Although there were some inaccuracies, this movie brought the Exodus to life for my little guys.  Reading it with my bible in our laps made the inaccuracies very inconsequential.  We were proving it against scripture as we were watching.  And now the emotions of what happened during the very first Passover are very real to all of us.


 


A week or two before our movie session, we had the opportunity through our Homeschool Co-op to participate in a Christian Passover meal.  For me, this was so important and moving.  It really set a nice tone for me for the Easter season.  But my boys are young and I'm not sure the meal and readings impacted them as much as it impacted me.


 


But after watching the movie "The Ten Commandments" Passover and Easter were all that more special.  I was so glad we watched it, but I was especially glad we watched it with my bible in our lap.

Printing Henty

Well, in the Fall I'll be taking on a new co-op class!  I'll be teaching a Jr. High literature class.  This is a new age group and subject for me, but I'm excited. I have to admit that I agonized over the book to select.  I'm taking one book and the students and I will be reading it over a 12-week period.  We'll meet 6 times to discuss the books and complete other projects.  I wanted to read something classic, not modern, but also not stuffy.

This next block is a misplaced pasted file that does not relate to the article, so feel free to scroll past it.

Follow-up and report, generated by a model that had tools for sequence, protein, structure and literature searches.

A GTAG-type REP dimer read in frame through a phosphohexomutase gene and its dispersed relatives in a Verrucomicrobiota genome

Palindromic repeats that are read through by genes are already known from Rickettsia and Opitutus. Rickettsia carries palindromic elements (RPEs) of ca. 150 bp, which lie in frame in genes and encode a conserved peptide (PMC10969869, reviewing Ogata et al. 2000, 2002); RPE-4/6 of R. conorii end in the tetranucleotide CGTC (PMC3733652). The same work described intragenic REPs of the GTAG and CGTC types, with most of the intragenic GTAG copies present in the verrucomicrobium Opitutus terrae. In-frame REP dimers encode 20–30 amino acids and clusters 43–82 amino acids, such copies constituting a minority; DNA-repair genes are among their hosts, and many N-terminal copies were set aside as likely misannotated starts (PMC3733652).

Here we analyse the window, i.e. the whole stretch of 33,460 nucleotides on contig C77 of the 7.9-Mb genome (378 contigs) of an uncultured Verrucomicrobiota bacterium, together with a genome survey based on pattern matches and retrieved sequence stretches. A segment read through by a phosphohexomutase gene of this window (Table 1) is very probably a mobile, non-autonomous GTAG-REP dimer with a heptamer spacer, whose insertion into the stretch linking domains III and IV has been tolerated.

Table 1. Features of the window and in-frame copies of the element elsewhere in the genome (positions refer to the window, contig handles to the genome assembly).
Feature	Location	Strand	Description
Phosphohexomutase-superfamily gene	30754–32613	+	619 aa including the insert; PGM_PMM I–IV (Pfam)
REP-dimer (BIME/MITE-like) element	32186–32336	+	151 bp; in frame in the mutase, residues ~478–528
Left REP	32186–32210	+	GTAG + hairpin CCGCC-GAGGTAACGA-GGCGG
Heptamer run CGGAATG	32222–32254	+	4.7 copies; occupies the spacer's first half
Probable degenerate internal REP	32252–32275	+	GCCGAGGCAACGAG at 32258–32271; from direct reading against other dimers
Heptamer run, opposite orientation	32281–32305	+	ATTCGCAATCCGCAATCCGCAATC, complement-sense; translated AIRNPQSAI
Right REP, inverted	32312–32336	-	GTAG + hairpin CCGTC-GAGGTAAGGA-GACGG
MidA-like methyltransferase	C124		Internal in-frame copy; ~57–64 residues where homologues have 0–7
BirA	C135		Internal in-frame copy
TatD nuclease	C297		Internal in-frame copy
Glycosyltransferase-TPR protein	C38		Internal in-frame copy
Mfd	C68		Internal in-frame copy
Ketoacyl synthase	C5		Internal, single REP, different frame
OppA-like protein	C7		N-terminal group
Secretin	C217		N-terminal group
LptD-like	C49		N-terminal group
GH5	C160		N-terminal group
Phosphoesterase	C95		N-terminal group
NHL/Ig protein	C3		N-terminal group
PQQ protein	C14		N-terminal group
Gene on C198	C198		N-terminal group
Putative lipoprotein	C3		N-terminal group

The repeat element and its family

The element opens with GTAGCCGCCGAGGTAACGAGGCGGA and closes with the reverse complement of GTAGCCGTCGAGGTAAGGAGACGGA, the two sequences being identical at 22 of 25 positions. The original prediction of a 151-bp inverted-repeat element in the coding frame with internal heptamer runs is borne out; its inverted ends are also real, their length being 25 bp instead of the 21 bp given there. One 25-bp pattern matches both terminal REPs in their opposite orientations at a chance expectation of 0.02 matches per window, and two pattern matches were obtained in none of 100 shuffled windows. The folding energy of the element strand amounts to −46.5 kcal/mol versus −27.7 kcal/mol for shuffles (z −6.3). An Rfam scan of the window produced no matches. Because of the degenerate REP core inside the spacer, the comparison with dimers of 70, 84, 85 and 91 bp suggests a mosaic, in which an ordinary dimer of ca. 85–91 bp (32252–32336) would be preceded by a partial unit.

After prayer, and lots and lots of discussion I settled on something by G.A. Henty, but what?  I'd never read any Henty, but my husband LOVES them.  I went through a few of the books he's collected, but was not sure what to pick.  Then I visited the library and settled on the thinnest book, so that I wouldn't have to assign hundrds of pages of reading between our meetings.


 


The book I've selected is "The Dragon and the Raven."  Since our local bookstores are not brimming with titles by Henty, I went on-line to see what I could find. I was surprised and excited to see that there is a resource, The Gutenberg Project, www.gutenberg.org that publishes classic e-books and the do it for free!  And...you guessed it, they had The Dragon and the Raven by G.A. Henty.  http://www.gutenberg.org/etext/3674  After retrieving the text version of this book, I realized that it would be over 140 pages to print!  Eeek!!